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Dogs rescued from “deplorable” Hauppauge home up for adoption

One of the dogs rescued from a crowded

One of the dogs rescued from a crowded Hauppauge home gives Save-A-Pet Animal Shelter president Dori Scofield a kiss in Port Jefferson Station on Monday, July 11, 2016. Credit: Joseph D. Sullivan

More than a dozen dachshunds rescued from a filthy, crowded Hauppauge home over the weekend are now up for adoption at a Port Jefferson Station animal shelter, rescuers said Monday.

Save-A-Pet Animal Shelter in Port Jefferson Station is housing 16 of the 27 dogs found in a Joyce Drive home on Saturday.

When the shelter received the dogs, they were covered in feces and urine, and their coats were matted into uncomfortable knots, shelter president Dori Scofield said at a news conference Monday.

“We gave them two baths,” she said. “I think we need to give them a third.”

The remaining dogs are at the Islip Animal Shelter and also will be adopted out, said Roy Gross, chief of the Suffolk County Society for the Prevention of Cruelty to Animals.

“What you’re looking at now is unbelievable, the difference of what they looked like when they were there, compared to what they look like now,” Gross said of the dachshunds, now clean and wagging their tails.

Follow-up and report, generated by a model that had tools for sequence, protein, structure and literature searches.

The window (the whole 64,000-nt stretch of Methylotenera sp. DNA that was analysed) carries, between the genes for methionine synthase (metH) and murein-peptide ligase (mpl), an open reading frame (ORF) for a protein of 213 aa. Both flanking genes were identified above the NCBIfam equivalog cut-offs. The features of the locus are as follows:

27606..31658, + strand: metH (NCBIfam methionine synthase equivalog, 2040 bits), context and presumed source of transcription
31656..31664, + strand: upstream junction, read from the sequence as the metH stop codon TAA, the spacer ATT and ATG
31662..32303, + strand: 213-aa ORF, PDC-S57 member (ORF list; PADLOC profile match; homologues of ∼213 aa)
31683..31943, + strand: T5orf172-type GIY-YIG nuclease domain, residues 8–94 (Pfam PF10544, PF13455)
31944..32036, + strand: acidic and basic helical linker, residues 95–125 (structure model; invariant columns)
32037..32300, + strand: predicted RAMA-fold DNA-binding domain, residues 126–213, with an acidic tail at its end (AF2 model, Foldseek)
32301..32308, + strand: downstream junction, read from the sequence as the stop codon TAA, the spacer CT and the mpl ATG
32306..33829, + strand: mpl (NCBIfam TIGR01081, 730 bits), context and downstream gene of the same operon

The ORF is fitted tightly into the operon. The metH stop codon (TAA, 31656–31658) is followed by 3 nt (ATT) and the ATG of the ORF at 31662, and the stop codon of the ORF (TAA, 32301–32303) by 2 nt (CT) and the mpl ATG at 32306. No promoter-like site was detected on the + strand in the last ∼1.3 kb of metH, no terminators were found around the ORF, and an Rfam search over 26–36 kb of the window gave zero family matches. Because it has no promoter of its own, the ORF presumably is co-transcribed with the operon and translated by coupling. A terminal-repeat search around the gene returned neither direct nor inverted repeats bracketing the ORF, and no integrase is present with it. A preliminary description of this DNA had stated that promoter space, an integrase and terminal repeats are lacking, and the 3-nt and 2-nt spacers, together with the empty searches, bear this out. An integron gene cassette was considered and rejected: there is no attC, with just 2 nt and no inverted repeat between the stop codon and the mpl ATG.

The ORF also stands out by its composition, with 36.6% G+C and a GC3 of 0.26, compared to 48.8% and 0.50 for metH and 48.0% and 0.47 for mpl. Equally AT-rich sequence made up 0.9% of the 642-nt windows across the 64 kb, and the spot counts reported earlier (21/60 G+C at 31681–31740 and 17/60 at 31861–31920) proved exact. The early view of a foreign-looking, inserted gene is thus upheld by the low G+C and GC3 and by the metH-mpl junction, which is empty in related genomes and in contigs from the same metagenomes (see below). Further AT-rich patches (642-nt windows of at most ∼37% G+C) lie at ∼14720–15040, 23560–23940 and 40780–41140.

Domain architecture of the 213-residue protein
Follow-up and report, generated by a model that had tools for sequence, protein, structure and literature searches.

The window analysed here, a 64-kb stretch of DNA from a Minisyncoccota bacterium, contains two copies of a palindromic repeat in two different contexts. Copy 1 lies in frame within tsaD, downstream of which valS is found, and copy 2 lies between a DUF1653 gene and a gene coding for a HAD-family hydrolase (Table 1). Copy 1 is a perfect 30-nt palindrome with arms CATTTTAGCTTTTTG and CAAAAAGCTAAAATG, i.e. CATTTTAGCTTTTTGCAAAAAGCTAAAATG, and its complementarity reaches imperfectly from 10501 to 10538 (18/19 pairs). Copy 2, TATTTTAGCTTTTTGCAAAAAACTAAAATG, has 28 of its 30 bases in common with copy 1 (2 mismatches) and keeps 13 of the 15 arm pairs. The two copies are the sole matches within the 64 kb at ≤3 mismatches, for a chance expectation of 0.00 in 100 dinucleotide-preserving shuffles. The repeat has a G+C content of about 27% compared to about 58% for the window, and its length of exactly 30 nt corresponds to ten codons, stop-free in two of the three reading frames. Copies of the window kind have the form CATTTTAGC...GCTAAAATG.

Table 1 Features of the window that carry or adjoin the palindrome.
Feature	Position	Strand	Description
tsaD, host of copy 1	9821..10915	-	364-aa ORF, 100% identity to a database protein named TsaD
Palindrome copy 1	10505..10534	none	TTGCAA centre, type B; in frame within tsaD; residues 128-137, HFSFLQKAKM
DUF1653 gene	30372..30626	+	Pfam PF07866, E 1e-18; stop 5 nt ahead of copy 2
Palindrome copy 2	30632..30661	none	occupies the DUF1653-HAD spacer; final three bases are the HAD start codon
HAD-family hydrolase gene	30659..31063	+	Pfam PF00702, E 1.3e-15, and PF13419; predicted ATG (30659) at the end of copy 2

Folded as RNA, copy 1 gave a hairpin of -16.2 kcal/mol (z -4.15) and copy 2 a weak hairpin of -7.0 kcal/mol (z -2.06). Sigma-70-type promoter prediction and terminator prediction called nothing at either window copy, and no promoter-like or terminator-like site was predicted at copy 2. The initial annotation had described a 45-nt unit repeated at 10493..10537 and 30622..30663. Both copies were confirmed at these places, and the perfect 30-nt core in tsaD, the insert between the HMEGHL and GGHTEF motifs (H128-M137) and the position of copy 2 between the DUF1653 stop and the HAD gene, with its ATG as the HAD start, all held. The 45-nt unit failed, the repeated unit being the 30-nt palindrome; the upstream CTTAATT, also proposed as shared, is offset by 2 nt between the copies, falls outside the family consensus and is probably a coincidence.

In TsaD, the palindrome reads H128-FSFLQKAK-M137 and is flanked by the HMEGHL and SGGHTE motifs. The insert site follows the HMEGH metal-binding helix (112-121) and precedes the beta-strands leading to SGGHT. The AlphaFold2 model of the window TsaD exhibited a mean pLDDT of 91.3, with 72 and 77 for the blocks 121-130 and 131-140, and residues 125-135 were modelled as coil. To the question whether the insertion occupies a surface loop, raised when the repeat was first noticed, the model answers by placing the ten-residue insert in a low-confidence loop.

The dogs had been living in “unbelievable” and “deplorable” conditions before their rescue, Gross said. Hauppauge firefighters and Suffolk County police responding to a house fire on Joyce Drive had found “a number of dogs that were trying to get out,” Gross said.

The first responders “were overcome with major odor and they realized that something was wrong,” Gross said.

The fire was extinguished before firefighters arrived, and there were no injuries, he said.

SPCA responders had to don hazmat suits to recover the dogs from the house, which the Town of Islip has now condemned, according to Gross.

The home’s owner John Lowery, 57, was charged with 27 counts of animal cruelty — each punishable by up to one year in prison or $1,000 in fines. He is scheduled to be arraigned Sept. 2 in First District Court in Central Islip, Gross said.

The dogs, which were not malnourished despite their poor living conditions, are now recovering comfortably, though they’re not quite ready for adoption, Scofield said.

“They were obviously breeding in that house and none of them were fixed,” she said. “They’re all going to get spayed, neutered, vaccinated, microchipped and checked thoroughly by our veterinarian.”

Save-A-Pet is taking adoption applications online and already has received 100 calls from people eager to adopt, Scofield said. The shelter is looking for “responsible homes that will provide veterinary care” for the dachshunds, Scofield said.

The dogs range from 1 year to 12 years in age, and are good with children, she said.

“These dachshunds are some of the most amazingly friendly, sweet animals I’ve ever gotten,” Scofield said.


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